Penman for Monday, January 6, 2020
I RECENTLY had occasion to reorganize my personal library, which involved trimming down hundreds of books into what could fit into a large aparador and three long shelves running along the wall of my study. Having retired for a year now, I thought that it was time to start bringing my worldly possessions down to the core, down to things I would actually live with in my old age, however short or long that grace period is going to be.
As you can imagine, this was easier said than done. Downsizing a library takes a lot more than a physical effort. It means going over a virtual history of your own mind, every book bought and kept being a marker of sorts of whatever it was you found interesting at that moment.
To force my hand and speed things up, last November I picked out and donated four large boxes of over 150 books to a benefit sale being held by students in my department in UP, mostly literature books and texts only an English major could love. As I was packing them up I remembered how, in my student days, we scoured the sales at Alemar’s and the old PECO as well as the used-book bins along Recto for bargains, clucking like well-fed chickens when we came across a prize catch (for me then, an orange-spined Penguin book by the likes of Graham Greene or John Updike).
Having a fixed space to move my books into also obliged me to choose well and wisely. In the end I decided that for simplicity’s sake my retirement library would contain only books that fell into certain categories: (1) books I myself wrote (around 40) and edited or contributed to (another 60 or so); (2) books signed by fellow authors; (3) books that were good or important to have, including antiquarian books, Filipiniana, Rizaliana, books on pens, machines, art and design, and collecting in general; and (4) most importantly, my personal favorites—the books that, for the past 50 years, I loved to read or would want to re-read, and, for some new ones, will want to read in retirement. It’s that last shelf I’ll dwell on for now.
As a fictionist, my favorite books of fiction are of course represented: William Kennedy’s Ironweed, J. D. Salinger’s Nine Stories, Italo Calvino’s Cosmicomics, John Gardner’s Grendel, Gabriel Garcia Marquez’s One Hundred Years of Solitude, and Hubert Selby’s Last Exit to Brooklyn, which Franz Arcellana told our class was the most disgusting book he had ever read, prompting me to rush out and look for it. (I still have to find my copy of D. M. Thomas’ The White Hotel.) Anthologies and books by my favorite poets include those by Robert Graves, Constantine Cavafy, Philip Larkin, and Federico Garcia Lorca.
There are also books about the practice and culture of writing: Simon Garfield’s Just My Type, Philip Hensher’s The Missing Ink: The Lost Art of Handwriting, Lynne Truss’ Eats, Shoots & Leaves, The Chicago Manual of Style, Strunk & White’s The Elements of Style, Thomas Larson’s The Memoir and the Memoirist, The Story of English by McCrum, Cran, and MacNeil, William Harris’ Ancient Literacy, and Alberto Manguel’s A History of Reading (a gift from F. Sionil Jose, who asked me to pick a book off his shelf).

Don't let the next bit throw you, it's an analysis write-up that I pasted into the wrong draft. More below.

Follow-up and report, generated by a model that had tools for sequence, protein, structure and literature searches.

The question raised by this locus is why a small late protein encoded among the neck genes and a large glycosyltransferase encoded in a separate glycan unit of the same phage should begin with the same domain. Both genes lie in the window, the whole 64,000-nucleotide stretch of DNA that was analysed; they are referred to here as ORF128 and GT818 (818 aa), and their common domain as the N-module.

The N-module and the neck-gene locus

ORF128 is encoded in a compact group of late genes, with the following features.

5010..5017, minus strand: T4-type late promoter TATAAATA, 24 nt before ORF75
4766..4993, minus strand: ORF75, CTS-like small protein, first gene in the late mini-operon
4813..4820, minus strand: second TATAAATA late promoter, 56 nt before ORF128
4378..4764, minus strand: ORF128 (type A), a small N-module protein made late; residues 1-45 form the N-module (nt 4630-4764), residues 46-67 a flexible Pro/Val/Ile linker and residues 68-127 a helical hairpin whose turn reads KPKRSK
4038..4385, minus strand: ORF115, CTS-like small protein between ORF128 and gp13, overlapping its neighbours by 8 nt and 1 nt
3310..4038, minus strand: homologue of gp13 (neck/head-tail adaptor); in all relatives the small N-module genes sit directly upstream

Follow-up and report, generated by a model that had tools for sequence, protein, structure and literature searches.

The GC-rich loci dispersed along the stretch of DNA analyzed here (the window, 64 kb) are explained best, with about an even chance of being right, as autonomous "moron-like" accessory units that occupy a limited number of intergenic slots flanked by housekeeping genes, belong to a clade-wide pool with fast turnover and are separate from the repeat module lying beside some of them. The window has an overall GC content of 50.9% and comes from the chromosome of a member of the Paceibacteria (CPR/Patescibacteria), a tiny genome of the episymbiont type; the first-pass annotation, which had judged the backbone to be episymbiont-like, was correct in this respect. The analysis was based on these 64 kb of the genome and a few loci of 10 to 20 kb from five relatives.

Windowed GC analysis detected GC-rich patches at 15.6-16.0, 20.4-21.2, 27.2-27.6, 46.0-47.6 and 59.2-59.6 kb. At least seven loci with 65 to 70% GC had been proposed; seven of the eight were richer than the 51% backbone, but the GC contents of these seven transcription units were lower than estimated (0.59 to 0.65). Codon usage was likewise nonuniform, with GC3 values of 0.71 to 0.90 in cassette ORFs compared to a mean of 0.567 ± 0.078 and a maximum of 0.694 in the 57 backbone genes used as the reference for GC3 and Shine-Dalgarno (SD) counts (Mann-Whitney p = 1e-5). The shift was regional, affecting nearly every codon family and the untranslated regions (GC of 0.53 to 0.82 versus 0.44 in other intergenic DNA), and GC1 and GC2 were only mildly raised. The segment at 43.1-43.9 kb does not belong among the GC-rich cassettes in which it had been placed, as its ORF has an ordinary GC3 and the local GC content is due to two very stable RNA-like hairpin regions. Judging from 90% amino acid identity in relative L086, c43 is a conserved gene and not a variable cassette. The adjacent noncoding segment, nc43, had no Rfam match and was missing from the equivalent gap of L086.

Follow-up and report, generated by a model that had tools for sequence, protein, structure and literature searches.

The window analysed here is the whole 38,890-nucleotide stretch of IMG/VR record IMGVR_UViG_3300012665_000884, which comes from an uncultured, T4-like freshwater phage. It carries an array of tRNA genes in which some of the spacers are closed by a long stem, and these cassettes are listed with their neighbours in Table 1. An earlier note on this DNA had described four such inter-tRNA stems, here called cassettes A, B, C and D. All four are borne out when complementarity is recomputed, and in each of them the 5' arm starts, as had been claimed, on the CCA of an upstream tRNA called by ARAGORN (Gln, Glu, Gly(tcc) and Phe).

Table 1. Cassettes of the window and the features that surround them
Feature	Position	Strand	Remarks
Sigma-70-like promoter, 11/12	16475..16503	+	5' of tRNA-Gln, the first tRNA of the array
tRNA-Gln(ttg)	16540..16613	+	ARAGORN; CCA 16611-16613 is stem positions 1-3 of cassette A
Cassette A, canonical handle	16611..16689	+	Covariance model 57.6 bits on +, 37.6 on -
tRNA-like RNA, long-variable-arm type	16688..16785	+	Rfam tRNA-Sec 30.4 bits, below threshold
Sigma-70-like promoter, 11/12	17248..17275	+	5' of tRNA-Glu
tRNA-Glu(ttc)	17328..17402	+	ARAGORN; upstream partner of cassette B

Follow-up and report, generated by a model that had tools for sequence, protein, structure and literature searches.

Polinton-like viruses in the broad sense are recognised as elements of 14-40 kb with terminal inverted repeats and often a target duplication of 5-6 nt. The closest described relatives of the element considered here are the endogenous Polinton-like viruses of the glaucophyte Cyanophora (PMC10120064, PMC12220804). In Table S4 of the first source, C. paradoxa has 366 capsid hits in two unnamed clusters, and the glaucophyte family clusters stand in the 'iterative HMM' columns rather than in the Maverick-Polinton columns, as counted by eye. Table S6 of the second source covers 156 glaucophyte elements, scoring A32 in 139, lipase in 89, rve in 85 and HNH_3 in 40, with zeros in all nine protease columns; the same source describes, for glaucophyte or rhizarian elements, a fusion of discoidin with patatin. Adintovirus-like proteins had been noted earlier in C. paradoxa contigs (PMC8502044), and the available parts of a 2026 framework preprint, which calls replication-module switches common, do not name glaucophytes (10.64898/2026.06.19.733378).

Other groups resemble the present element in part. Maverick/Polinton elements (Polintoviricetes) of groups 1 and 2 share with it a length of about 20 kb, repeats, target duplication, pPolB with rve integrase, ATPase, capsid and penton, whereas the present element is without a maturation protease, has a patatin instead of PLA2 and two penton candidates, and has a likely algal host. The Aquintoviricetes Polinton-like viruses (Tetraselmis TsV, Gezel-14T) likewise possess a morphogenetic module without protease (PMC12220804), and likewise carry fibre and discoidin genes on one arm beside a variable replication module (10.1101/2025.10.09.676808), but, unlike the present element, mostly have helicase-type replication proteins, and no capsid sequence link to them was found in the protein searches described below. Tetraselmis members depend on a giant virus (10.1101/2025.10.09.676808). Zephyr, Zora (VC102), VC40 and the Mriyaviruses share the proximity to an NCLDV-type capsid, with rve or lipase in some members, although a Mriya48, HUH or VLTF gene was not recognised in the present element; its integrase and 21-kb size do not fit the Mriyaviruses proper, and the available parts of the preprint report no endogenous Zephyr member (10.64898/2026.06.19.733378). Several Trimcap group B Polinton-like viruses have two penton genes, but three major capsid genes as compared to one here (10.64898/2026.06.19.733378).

If my Pinoy writer-friends don’t see their books among my favorites, that’s because they’re on the shelf of autographed books, alongside those signed by John Updike, Edward Jones, Junot Diaz, Romesh Gunesekera, Charles Baxter, Lawrence Durrell, Frank McCourt, Kazuo Ishiguro, and J. M. Coetzee, as well as, of course, the Filipino standouts: Jose Garcia Villa, Nick Joaquin, and even Carlos P. Romulo (who, let’s not forget, was one of five Filipinos to have won the Pulitzer Prize, mainly for journalism).
For fun, I keep books on poker (James McManus’ Cowboys Full and Positively Fifth Street) and books about Apple and Macs (Michael Malone’s Infinite Loop, Young and Simon’s iCon: Steve Jobs and the Greatest Second Act in the History of Business, Leander Kahney’s The Cult of Mac), as well as E. S. Lumsden’s The Art of Etching, which guided and inspired my shortlived career as a printmaker in the 1970s.
Perhaps most surprising is the predominance of history and nonfiction on this shelf, a tip of the hat to what I might have gone into as a profession if not for creative writing, although it’s mostly popular history for the enthusiast: Kenneth Clark’s Civilisation and James Burke’s Connections, Yuvel Noah Harari’s Sapiens, the Hakluyt edition of Morga’s Sucesos, Brian MacAllister Linn’s The Philippine War 1899-1902, Alan Moorehead’s Gallipoli, Dava Sobel’s Longitude, David Howard Bain’s Sitting in Darkness, Thatcher Freund’s Objects of Desire, Anna Pavord’s The Tulip, Nick Joaquin’s Manila My Manila (and his Reportage series), Richard Selzer’s Confessions of a Knife and Mortal Lessons, David Ogilvy’s Confessions of an Advertising Man, Ken Adler’s The Measure of All Things, and William Pomeroy’s The Forest (which I often cite as the most influential book of my young life, because it made rebellion sound romantic, and encouraged me to carry a placard).
When I step back and survey what I’ve chosen to put together (perhaps too unabashedly male), I can still see that boy who was fascinated not so much by fiction but by how things worked and by what the world out there was like (Sobel’s Longitude will tell you that). Because (no thanks to poor math skills) I couldn’t become an engineer and make clocks and centrifuges, literature and creative writing became my second choice—to see how words worked, like cogs in a fine machine.